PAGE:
Using Evolutionary Ideas in Linguistics

I found an article in Nature about the research of Russell Gray and Quentin Atkinson, at the University of Auckland in New Zealand.

[They] use the rate at which words change to gauge the age of the [language] tree’s roots – just as [evolutionary] biologists estimate a species’ age from the rate of gene mutations. [They] analysed 87 languages from Irish to Afghan. Rather than compare entire dictionaries, they used a list of 200 words that are found in all cultures, such as “I”, “hunt” and “sky”. Words are better understood than grammar as a guide to language history; the same sentence structure can arise independently in different tonguges.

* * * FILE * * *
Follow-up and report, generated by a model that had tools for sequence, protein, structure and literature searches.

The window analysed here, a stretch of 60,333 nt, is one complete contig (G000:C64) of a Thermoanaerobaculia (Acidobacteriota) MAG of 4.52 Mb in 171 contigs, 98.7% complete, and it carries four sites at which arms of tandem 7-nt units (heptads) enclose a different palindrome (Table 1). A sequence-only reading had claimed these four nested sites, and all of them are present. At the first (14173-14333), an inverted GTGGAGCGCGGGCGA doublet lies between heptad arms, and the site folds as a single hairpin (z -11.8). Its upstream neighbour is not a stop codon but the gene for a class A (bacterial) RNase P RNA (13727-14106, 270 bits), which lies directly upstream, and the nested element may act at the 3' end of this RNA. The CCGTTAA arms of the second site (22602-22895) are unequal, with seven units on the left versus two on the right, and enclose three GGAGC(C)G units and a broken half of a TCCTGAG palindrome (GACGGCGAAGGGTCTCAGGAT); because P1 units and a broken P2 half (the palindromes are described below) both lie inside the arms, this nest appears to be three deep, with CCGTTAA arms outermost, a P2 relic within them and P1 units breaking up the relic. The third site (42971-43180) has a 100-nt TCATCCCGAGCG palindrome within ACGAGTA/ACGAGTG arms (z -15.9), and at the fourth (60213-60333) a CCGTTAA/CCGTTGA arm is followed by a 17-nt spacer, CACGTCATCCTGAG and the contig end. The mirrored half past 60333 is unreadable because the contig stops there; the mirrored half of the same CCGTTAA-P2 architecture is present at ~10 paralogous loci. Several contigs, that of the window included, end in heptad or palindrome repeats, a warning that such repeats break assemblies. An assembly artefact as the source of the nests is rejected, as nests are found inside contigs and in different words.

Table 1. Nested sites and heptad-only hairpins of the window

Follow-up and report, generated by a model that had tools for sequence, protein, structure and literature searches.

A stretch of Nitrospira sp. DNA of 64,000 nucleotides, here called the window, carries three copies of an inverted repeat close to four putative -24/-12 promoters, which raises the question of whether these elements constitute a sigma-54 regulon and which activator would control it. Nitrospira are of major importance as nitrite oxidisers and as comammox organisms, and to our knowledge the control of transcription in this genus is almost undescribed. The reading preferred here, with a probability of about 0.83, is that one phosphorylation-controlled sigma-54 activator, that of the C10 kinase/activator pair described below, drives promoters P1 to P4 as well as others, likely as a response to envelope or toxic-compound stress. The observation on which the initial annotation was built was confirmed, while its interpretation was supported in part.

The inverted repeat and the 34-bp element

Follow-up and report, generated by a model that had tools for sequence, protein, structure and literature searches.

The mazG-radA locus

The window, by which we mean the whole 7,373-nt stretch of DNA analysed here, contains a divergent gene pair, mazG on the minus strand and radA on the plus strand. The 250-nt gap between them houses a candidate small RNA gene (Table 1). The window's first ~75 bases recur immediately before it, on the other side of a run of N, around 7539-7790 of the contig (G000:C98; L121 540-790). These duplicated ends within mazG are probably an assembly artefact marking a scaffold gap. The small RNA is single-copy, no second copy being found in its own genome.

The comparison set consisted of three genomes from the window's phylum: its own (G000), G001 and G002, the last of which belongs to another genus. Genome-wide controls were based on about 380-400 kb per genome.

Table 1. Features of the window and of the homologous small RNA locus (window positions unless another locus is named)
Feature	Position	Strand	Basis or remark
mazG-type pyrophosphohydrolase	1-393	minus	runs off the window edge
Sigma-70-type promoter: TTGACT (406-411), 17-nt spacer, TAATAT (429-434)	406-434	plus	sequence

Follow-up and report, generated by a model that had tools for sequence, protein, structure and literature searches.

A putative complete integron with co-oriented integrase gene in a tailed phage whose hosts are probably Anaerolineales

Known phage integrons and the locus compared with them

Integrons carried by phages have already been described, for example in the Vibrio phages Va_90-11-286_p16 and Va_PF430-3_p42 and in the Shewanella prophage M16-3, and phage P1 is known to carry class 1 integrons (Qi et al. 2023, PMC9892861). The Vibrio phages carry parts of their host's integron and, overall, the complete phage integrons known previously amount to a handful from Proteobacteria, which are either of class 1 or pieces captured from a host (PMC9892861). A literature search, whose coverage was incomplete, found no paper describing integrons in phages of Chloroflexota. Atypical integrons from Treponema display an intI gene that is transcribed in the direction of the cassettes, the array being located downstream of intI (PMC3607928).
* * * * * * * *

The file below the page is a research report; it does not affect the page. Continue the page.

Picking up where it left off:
At the end of the article, geneticist David Searls says that “There may be some fundamental principles of evolution of complex systems, such as languages and organisms.”

The above was posted to my personal weblog on March 21, 2004. My name is Peter Lindberg and I am a thirtysomething software developer and dad living in Stockholm, Sweden. Here, you’ll find posts in English and Swedish about whatever happens to interest me for the moment.

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